Between a growing demand for convenient foods meant to suit a busy lifestyle and the expectations of international food quality standards, food packaging has been making strides in advancements in order to meet both safety guidelines and preserve the food to look as attractive as possible. To achieve this, different types of coatings for food packaging is used to protect food from oxygen degradation, water vapor, and aromas so that the actual packaging can still be easy and convenient to open.
Food Coating Uses
Coatings of a food package are applied to the substrates of the package, which is the underlying layer just below the surface of the packaging. This coating creates a barrier that is effective at keeping out gases like oxygen and other aromas or liquids like water vapor, oils, and grease. However, this barrier also works in reverse, preserving the aroma of the food within the packaging and trapping the existing moisture within the food so that it takes far longer to dry out. To this end, the shelf life of packaged food is safely extended in both how it tastes and how the food appears.
Aesthetics of packaged food is considered equally important to how safely edible it is. Potential consumers have certain expectations for what food is supposed to look like, and even if a packaged food is safe to eat, it’s likely to be left untouched if it doesn’t meet the aesthetic expectations. Not being able to live up to this ideal of what food should look like results in a lot of wasted food. This is also why many food packages are made with a transparent material, so that consumers can physically see the food and identify its attractive qualities, making them more likely to gravitate towards the product. The most attractive quality to food aesthetics is the color. Color is heavily associated with the quality of foods, such as how a fruit’s color changes as it ripens or how food loses its color as it goes bad. Thankfully, the types of coatings for food packaging aid in retaining desired colors when the shelf life is extended by preventing food from becoming rotten or stale.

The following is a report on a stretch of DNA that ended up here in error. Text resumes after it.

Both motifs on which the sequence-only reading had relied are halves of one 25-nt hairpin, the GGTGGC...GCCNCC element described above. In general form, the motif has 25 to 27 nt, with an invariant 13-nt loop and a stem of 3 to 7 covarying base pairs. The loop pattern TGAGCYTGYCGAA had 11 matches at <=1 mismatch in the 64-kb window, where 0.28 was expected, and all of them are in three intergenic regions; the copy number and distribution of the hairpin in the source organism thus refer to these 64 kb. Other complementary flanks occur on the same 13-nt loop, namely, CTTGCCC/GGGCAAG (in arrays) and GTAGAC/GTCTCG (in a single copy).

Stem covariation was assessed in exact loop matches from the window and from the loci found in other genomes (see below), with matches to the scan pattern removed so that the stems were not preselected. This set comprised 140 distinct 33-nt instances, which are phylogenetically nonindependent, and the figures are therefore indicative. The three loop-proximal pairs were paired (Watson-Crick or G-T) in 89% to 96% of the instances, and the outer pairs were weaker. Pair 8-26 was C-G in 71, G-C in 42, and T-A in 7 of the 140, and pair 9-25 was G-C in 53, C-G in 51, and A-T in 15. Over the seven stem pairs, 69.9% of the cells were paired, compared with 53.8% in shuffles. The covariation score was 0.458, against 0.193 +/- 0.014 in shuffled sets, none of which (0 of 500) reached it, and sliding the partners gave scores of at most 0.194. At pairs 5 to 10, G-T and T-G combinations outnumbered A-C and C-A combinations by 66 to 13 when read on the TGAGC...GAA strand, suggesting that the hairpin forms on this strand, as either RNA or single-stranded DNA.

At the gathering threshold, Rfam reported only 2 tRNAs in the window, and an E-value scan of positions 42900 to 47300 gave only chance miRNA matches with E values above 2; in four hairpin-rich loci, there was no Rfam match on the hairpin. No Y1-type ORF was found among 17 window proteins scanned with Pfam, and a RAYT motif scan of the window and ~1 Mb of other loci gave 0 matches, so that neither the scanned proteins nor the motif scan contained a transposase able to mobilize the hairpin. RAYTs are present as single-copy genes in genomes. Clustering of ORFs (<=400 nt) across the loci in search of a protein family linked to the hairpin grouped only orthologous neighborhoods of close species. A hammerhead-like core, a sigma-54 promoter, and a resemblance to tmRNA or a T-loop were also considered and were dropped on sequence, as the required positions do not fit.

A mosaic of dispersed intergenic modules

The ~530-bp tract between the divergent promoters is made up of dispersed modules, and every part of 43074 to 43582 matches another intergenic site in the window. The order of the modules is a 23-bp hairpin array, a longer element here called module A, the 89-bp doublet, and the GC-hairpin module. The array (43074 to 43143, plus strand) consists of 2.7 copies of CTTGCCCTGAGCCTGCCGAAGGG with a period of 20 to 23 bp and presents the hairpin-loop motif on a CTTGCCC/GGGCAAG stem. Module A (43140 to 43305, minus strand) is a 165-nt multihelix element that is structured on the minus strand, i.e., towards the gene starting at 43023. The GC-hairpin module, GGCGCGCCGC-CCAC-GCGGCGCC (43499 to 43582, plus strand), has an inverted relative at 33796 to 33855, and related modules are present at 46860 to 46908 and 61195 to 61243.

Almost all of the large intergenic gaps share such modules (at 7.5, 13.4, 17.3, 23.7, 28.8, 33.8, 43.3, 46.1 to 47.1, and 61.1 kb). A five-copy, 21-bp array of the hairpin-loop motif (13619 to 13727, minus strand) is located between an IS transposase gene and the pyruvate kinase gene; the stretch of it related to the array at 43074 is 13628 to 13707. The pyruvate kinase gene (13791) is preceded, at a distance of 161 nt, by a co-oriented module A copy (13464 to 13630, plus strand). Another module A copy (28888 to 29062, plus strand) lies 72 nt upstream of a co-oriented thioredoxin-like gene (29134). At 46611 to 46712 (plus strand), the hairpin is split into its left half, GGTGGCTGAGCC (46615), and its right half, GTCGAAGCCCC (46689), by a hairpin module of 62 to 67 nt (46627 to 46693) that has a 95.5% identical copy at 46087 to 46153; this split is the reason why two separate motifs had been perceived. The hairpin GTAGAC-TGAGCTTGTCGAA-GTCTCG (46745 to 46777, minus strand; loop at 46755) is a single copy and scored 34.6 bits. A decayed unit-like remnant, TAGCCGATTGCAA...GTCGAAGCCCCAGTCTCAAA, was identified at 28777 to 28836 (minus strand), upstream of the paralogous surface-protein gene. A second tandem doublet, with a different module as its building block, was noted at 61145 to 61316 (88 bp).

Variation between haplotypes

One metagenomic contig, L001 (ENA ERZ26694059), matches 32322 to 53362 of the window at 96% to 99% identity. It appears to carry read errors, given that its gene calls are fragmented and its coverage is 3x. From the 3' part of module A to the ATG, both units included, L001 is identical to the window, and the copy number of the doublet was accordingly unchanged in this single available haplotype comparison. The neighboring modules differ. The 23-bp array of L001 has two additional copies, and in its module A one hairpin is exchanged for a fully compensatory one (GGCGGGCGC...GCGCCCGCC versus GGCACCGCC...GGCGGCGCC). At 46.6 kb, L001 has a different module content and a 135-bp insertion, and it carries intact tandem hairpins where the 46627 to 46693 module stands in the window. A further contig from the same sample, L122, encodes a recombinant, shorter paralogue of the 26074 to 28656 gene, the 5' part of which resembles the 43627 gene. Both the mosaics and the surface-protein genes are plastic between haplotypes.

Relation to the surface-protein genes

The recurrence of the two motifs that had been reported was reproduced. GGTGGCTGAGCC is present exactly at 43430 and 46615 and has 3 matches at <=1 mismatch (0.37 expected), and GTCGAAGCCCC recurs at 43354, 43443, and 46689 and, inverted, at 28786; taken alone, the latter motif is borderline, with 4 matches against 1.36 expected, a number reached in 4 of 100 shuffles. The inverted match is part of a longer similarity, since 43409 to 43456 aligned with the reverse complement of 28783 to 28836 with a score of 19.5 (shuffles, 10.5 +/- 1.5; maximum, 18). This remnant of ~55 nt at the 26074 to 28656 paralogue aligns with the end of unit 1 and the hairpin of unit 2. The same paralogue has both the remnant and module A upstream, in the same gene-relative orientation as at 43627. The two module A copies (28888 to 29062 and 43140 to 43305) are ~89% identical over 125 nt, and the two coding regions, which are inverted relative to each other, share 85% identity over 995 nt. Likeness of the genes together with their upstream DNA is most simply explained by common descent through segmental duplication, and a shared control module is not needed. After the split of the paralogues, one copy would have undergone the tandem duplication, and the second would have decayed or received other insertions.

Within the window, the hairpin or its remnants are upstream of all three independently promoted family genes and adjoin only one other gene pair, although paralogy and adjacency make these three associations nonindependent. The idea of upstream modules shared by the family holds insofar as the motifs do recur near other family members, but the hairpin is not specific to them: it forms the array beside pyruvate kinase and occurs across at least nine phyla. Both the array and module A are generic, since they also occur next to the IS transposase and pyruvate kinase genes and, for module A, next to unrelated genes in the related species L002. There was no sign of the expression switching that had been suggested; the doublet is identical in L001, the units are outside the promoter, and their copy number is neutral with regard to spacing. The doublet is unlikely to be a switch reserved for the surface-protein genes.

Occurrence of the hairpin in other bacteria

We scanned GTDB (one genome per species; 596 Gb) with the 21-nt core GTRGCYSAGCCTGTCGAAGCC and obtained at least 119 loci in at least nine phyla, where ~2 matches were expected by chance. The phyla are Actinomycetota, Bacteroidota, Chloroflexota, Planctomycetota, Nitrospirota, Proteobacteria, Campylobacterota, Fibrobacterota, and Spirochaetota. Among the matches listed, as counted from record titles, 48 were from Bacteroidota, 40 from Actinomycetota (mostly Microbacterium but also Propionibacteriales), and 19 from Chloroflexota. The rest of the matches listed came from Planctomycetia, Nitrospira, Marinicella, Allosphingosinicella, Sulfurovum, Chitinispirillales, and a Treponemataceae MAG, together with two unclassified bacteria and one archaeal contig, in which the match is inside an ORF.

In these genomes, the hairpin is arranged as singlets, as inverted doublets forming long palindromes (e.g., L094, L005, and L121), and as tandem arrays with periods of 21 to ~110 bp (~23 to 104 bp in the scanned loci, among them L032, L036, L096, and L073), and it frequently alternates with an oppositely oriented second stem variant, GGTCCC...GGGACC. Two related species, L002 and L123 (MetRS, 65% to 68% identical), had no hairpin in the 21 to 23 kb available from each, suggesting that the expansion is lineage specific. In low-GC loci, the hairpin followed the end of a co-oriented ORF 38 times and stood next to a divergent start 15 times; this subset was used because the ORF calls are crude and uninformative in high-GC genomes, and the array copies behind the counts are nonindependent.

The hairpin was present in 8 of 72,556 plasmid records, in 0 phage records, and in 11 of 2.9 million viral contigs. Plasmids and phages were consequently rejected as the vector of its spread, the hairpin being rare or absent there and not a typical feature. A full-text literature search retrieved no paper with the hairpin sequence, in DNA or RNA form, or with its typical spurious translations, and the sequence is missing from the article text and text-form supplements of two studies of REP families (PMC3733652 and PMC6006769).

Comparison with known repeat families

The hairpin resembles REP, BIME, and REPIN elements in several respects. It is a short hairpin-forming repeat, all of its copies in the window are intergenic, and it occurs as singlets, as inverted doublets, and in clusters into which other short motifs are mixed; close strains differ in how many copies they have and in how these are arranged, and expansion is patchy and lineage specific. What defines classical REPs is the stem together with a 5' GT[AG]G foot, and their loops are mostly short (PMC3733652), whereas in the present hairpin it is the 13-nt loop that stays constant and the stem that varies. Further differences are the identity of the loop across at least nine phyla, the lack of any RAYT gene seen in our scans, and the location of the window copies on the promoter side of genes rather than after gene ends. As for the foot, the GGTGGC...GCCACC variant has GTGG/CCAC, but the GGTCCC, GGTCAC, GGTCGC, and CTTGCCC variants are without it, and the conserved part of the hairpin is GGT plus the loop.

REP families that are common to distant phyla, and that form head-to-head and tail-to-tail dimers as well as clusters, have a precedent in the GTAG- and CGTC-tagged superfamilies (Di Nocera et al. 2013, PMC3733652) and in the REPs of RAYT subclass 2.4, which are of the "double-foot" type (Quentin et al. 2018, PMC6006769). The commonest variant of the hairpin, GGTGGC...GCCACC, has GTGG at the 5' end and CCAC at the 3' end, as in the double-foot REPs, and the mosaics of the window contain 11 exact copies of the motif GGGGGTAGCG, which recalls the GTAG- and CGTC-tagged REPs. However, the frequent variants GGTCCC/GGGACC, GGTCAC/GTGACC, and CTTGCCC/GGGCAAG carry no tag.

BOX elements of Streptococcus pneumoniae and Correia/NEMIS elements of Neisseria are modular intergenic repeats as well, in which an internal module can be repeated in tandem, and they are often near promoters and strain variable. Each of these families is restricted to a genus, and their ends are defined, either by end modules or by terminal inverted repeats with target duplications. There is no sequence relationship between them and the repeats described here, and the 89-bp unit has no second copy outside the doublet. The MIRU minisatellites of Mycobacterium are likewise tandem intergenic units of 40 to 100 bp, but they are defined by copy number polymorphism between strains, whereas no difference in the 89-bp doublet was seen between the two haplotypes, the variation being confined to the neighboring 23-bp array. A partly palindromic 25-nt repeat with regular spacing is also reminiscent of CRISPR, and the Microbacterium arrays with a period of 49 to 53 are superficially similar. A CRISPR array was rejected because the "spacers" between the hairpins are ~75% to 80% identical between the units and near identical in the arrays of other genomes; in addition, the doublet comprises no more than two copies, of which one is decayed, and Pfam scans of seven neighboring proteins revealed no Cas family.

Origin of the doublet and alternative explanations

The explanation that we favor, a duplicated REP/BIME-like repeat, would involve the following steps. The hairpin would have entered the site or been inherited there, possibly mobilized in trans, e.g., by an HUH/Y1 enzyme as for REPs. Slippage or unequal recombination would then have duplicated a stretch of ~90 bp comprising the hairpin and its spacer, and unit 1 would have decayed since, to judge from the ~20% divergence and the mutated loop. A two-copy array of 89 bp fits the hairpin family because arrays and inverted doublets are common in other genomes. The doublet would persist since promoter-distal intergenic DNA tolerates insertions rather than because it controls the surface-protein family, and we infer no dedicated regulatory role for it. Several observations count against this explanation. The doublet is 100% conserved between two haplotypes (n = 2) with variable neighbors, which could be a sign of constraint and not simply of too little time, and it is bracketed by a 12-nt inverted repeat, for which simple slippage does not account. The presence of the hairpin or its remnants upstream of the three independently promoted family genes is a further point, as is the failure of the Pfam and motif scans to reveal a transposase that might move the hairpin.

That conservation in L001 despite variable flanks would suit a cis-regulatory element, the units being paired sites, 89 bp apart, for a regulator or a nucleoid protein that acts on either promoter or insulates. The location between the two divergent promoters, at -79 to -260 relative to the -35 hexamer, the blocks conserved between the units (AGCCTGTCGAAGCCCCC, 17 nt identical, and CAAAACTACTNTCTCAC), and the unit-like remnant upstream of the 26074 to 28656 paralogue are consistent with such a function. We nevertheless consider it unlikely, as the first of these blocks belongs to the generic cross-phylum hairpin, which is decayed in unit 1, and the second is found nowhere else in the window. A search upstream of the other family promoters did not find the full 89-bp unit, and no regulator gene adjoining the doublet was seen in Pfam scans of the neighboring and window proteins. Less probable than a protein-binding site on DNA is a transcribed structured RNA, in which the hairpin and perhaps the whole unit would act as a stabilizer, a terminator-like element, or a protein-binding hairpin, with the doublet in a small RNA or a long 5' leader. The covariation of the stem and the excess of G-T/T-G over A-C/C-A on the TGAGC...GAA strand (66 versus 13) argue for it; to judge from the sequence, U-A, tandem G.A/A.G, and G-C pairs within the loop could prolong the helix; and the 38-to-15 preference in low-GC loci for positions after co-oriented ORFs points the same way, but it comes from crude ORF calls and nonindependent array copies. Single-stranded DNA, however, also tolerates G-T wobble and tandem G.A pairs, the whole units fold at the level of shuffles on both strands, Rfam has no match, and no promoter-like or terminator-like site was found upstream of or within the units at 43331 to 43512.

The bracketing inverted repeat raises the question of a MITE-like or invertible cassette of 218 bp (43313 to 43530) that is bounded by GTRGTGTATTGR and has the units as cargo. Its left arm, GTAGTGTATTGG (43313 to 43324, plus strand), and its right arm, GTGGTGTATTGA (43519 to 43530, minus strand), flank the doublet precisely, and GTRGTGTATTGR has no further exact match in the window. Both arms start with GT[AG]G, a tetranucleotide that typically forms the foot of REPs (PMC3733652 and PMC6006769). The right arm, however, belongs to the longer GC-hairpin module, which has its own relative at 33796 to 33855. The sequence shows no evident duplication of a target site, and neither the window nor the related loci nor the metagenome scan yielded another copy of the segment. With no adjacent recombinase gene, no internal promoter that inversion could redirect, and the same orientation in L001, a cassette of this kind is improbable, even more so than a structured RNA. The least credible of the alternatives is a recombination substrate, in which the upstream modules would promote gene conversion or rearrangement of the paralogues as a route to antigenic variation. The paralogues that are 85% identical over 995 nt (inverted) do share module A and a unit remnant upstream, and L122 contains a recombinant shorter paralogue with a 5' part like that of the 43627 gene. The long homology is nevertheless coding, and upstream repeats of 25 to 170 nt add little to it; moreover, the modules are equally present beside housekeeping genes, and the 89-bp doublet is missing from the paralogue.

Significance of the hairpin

As an example, O2 scavengers are a type of coating added to food packaging in order to reduce O2 reactions with the food itself. The O2 scavenger coating absorbs the oxygen trapped within the packaging. They don’t create a perfect vacuum within the packaging, of course, but it helps to reduce the amount of oxygen coming into contact with the food itself.
Barrier Types and Materials
In order to choose the right internal coating, the deciding factors are based upon the region in which the food packaging is being produced, accessible materials, and what the packaging itself is made from. The most commonly used internal coating is an epoxy-based resin that makes up most of all coatings used. Epoxy-based coatings have been the most common since the 1950s because they are strong, flexible, and resistant. This is accomplished by containing many cross-linked monomers in the resin that join together to form a strong lattice of bonds that is very resistant to damage. In addition to being the popular standard, epoxy-based resins are the cheapest coating to make. The downside, however, is that epoxy-based resins make use of the chemical compound bisephol-A which has been found to be linked to toxic effects in humans by disrupting the human endocrine system. For this reason, manufacturers have been trying to look elsewhere for coatings, while others have been adjusting the epoxy-based resin formula to correct this issue.